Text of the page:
The project is located within NYS Freshwater Wetland RE-1 (Class I) and the associated 300 foot extended adjacent area. The project is also located within a Natural Protective Feature Area subject to the Department's Article 34 Coastal Erosion Hazard Areas jurisdiction. The Applicant has applied for a Freshwater Wetland Permit and a Coastal Erosion Management Permit to construct and operate the project pursuant to pursuant to article 24 and article 34 of the Environmental Conservation Law (ECL). Applicable regulations are 6 NYCRR part 663 and 6 NYCRR part 505, respectively.

SEQRA STATUS

Pursuant to 6 NYCRR part 617, the implementing regulations for SEQRA, ECL article 8, the Town of Webster Planning Board (Town) conducted a coordinated review, and as lead agency, determined the project may have a significant impact on the environment. The Town issued a SEQRA Positive Declaration requiring the preparation of a Draft Environmental Impact Statement. A Final Environmental Impact Statement was accepted by the Town for waterfront development at this site on November 17, 1992.

PROCEDURAL HISTORY

On June 27, 2001, DEC Staff declared the application complete. Notice of the complete application was published in the Environmental Notice Bulletin and in the Webster Herald on July 4, 2001. Based on public comments received and the review conducted by DEC Staff the applicant substantially modified the project described in the notice of complete application to reduce the number of docks from 99 to 46, to eliminate docks from the northerly section of the bay frontage at this location, to restrict vehicular traffic, to eliminate the parking area for 17 vehicles and to provide for the conveyance of 20± acres of land to the Trust.

On April 25, 2005, a request for hearing was received in DEC's Office of Hearings and Mediation Services (OHMS) and administrative law judge (ALJ) P. Nicholas Garlick was assigned.

On July 20, 2005, the United States Army Corps of Engineers (ACOE) sent a letter to DEC Staff indicating that if three conditions were met, no Water Quality Certificate would be required for the project. By letter dated August 10, 2005, the applicant stated that its application met the three conditions set forth by the ACOE in its July 10, 2005 letter and that no Water Quality Certificate was being sought.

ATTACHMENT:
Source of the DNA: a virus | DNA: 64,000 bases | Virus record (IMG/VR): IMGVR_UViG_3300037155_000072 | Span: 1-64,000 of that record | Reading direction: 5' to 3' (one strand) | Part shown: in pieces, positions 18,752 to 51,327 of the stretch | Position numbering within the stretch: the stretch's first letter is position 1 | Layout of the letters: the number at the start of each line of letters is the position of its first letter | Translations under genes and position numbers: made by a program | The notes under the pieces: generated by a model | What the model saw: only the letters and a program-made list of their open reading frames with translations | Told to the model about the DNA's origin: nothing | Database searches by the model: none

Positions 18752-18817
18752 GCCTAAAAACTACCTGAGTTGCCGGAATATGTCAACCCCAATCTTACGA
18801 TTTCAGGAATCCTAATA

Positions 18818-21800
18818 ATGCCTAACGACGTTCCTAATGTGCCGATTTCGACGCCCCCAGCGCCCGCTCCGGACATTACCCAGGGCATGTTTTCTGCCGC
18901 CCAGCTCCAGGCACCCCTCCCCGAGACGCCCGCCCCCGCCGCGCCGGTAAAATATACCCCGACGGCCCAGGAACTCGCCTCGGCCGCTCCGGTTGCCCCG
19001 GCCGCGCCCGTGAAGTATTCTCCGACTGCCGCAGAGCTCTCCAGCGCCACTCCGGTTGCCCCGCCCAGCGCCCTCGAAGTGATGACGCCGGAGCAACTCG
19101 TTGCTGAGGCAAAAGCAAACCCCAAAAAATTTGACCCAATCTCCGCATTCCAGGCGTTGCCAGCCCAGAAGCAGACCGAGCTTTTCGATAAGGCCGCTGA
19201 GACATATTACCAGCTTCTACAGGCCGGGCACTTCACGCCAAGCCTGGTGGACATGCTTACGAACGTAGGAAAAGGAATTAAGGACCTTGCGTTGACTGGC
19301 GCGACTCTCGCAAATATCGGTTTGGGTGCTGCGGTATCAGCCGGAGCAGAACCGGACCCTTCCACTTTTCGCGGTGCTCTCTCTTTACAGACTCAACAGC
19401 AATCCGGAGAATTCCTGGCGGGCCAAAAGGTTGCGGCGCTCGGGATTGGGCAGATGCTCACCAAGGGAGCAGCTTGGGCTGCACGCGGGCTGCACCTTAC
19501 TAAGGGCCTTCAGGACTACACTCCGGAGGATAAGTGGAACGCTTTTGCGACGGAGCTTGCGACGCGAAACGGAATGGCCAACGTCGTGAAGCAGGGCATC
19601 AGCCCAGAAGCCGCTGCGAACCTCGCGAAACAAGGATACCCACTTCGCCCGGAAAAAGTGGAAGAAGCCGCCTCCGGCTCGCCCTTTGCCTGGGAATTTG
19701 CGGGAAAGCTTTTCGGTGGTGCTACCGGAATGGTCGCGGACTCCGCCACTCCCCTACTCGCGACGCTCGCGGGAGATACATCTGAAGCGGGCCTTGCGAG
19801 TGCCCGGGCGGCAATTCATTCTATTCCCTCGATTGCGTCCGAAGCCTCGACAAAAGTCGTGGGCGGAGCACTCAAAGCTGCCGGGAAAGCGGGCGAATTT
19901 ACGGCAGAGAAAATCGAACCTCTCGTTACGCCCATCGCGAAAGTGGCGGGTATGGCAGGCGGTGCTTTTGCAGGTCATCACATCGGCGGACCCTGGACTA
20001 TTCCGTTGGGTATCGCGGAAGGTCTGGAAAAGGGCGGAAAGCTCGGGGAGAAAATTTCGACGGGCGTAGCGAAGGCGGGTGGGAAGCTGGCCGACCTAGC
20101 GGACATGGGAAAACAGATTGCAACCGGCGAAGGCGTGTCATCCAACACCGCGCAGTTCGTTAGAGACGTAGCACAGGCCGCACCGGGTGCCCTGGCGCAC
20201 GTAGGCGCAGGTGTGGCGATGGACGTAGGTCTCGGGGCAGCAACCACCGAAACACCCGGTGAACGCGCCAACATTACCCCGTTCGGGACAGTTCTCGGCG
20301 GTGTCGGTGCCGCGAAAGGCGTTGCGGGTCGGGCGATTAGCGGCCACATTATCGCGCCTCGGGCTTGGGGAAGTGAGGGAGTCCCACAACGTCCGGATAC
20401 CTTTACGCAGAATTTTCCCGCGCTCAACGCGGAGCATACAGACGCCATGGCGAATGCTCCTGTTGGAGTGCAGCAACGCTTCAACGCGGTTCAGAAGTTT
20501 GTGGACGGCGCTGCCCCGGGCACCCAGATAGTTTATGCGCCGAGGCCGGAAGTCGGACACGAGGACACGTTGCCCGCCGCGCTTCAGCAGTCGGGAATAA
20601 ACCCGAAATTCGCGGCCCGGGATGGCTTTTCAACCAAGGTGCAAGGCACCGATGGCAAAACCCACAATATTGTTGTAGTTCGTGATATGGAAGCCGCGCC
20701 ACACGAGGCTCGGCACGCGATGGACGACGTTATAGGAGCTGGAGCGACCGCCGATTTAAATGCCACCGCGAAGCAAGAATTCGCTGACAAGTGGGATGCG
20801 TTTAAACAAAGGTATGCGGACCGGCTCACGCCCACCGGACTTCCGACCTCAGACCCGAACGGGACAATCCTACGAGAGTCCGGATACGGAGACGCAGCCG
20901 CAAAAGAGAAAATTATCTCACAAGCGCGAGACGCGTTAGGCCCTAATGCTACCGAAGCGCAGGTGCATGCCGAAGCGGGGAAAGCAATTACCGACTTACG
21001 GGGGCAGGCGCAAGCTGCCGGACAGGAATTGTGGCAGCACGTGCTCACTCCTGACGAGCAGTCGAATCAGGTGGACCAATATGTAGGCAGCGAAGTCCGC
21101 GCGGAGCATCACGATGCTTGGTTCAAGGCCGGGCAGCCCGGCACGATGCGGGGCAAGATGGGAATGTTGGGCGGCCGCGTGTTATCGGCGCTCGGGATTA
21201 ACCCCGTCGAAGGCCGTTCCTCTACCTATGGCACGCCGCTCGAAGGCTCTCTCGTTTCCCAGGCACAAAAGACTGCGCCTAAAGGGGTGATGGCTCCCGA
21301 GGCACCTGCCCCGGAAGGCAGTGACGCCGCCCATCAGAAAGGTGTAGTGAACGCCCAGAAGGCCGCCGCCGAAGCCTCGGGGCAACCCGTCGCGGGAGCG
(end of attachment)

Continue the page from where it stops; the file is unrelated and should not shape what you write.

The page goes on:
On August 17, 2005, a Notice of Legislative Public Hearing and Notice of Issues Conference was published in both the Department's electronic Environmental Notice Bulletin and the Webster Herald. In addition, DEC Staff mailed copies of the hearing notice to approximately 90 members of the public who had previously expressed interest in the project.

The Notice set the date of September 6, 2005 for the filing of Petitions for Party Status. Two petitions were received. One petition was received from the Genesee Land Trust and the second from the Glen Edythe Group.

On September 12, 2005, a legislative hearing was held in the Plank Road North Elementary School in Webster, New York. Following statements by the applicant and DEC Staff, fifteen members of the public spoke, including Thomas Wolf on behalf of the Glen Edythe Group (which seeks party status). Four members of the public spoke in favor of the project and eleven spoke against it. Approximately 50 people attended the hearing. In addition to the oral comments, approximately a dozen written comments were received and included in the legislative hearing record.

On the morning of September 13, 2005, a site visit occurred. The ALJ was accompanied by representatives of the applicant and DEC Staff, as well as both petitioners. The visit began at the site of the proposed project and ended at Mr. Wolf's property.

On September 13, 2005, an issues conference occurred at the Webster Community Center, 985 Ebner Drive, Webster, New York. At the issues conference, DEC Staff appeared through Leo Bracci, Assistant Regional Attorney for DEC Region 8. Also in attendance were four members of DEC Staff who participated in the review of the project: Bob Shearer, Scott Jones, Gene Melnyk and Matt Gillette. The applicant appeared through Neal Madden of Harter, Secrest & Emery, L.L.P. Also in attendance for the Applicant were its President and Vice-President, Christopher DiMarzo and Don Riley. One of the petitioners, the Glen Edythe Group, appeared through Mr. Thomas Wolf. The second petitioner, the Genesee Land Trust appeared through Evelyn Gay Mills, its Executive Director. Also in attendance was Mr. Thomas Frey, a board member of the Trust.